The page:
Your brain: The world’s most complex computer, capable of holding millions of memories, thoughts, feelings and emotions, for years scientists have studied the brain to find out it’s secrets and many parts of it remain unknown even to this day.
Vegetables: those things our parents force us to eat.
Vegetables are not just your least favorite food, they are essential to a healthy diet and eating that small piece of broccoli could be the difference between health and illness for your brain.
Researchers at the miami miller school of medicine followed 28,000 men for two decades starting when they were 51 years old, participants were required to answer questions about their consumption of fruit and vegetables, the researchers also took tests of thinking and memory skills when participants were 73 years old.
The researchers found that by the time the men were in their late 70s those who had regularly eaten the most vegetables over the previous decades were 17% less likely to have moderate cognitive problems and 34% less likely to have more extensive cognitive problems than men whose diets contained less vegetables.
But that’s not all, according to dementia Australia eating plenty of Vegetables is an effective way of reducing risk factors for dementia, additionally in the Maimi Miller study it was also noted that out of the men who ate the most vegetables (six servings per day) only 6.6% had poor cognitive function compared to 7.9%who ate the least amount of vegetables (2 servings a day).
It’s evident that vegetables have a positive effect on cognitive function later in life but what do vegetables do for young people and what happens if young people don’t eat enough vegetables?
A Canadian study found that 15-17 years olds who regularly eat a high amount of vegetables had better mental health than their peers and higher school performance and participants also recorded feeling ‘fresher’ and healthier. A swedish study also showed that children in years 2 and 3 who ate a healthy diet (including lots of vegetables) had a better reading ability then their peers with a poor diet and and the children with a good diet also did better on standardized tests, finally, children who eat vegetables regularly have been to known to have more advanced social skills and a heightened learning ability.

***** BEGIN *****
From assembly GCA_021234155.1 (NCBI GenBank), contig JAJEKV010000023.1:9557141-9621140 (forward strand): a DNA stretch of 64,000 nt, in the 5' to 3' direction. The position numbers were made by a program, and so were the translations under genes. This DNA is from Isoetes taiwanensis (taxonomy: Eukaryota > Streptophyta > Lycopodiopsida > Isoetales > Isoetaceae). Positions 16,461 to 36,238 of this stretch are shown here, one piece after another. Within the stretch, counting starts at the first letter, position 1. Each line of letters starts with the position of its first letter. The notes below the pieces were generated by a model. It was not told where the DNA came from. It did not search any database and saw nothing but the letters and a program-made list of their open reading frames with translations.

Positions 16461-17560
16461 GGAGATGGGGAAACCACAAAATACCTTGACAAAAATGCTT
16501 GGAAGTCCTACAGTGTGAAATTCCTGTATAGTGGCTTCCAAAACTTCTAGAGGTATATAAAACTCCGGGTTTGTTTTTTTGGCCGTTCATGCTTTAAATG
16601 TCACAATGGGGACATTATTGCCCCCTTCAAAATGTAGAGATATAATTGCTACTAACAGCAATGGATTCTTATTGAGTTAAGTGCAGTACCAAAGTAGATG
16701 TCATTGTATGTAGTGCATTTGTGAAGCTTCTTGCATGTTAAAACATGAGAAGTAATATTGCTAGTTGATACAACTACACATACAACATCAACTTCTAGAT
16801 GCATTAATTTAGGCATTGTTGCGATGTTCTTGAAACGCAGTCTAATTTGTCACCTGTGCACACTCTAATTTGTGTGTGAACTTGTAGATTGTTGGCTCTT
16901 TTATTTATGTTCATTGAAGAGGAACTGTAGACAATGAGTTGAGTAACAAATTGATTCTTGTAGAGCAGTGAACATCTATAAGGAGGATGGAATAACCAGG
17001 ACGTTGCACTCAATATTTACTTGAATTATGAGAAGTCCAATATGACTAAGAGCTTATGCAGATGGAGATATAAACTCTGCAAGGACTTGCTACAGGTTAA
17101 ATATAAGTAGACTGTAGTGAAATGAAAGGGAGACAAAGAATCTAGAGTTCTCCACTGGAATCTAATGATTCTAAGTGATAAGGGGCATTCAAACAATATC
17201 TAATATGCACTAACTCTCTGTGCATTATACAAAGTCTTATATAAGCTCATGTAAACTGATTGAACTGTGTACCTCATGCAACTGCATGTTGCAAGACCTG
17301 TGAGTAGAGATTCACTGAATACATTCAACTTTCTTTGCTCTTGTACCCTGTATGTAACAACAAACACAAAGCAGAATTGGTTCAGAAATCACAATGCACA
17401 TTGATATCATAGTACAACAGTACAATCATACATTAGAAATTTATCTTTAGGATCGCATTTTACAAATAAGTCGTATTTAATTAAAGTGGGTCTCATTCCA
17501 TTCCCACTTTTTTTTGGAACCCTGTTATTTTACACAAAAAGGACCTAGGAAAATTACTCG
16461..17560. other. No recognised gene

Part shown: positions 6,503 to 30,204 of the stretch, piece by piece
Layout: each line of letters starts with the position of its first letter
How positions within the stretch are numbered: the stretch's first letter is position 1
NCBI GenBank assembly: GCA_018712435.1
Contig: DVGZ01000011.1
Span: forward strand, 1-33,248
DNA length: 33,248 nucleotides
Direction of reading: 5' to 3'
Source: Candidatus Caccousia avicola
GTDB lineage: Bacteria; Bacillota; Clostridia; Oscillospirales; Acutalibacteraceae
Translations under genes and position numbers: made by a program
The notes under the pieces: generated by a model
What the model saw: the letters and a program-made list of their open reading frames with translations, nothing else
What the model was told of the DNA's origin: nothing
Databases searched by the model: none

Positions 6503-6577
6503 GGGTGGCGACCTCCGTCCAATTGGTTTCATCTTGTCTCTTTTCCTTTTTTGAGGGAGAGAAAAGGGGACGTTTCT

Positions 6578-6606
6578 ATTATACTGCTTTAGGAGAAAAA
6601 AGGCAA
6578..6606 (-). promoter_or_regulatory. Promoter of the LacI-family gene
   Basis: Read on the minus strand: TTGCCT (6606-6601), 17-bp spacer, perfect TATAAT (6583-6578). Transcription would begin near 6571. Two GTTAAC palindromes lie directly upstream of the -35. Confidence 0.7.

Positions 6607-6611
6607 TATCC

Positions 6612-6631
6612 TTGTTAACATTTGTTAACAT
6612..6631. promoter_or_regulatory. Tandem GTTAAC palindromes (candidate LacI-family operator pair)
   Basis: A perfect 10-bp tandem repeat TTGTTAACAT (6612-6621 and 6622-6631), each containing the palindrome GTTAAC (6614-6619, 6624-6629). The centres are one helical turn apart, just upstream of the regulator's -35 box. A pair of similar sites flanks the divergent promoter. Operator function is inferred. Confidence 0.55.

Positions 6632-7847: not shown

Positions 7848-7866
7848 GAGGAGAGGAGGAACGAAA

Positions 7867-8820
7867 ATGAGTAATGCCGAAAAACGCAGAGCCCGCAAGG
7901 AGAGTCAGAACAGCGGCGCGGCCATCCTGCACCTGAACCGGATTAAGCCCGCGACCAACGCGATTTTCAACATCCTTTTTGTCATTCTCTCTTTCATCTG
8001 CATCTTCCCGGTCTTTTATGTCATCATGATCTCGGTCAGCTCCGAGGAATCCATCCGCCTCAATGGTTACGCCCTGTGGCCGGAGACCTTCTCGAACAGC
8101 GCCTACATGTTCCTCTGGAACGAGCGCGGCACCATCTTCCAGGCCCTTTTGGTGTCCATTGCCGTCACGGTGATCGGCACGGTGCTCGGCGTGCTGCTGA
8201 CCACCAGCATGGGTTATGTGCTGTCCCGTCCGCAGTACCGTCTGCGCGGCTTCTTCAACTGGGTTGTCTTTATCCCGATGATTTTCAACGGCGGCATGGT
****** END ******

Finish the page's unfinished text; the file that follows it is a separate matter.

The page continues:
Low vegetable consumption among children has been known to lead to constipation, dietary issues and vitamin deficiencies (which often require medically prescribed supplements) and a ten year old boy went blind after consuming very little vegetables throughout his childhood. Children who don’t eat vegetables often are unhappier than their peers and are at a higher risk of developing obesity later in life.
The case for vegetables is strong, vegetables are especially powerful when eaten in a balanced diet and can prevent a number of health problems. While we may not know exactly how neurodegenerative disorders and other diseases are caused, we do know a good diet and vegetables can help prevent these conditions. I don’t want to sound like your parents, but eat your greens, your brain will thank you for it.
Featured image retrieved from: https://healthline.com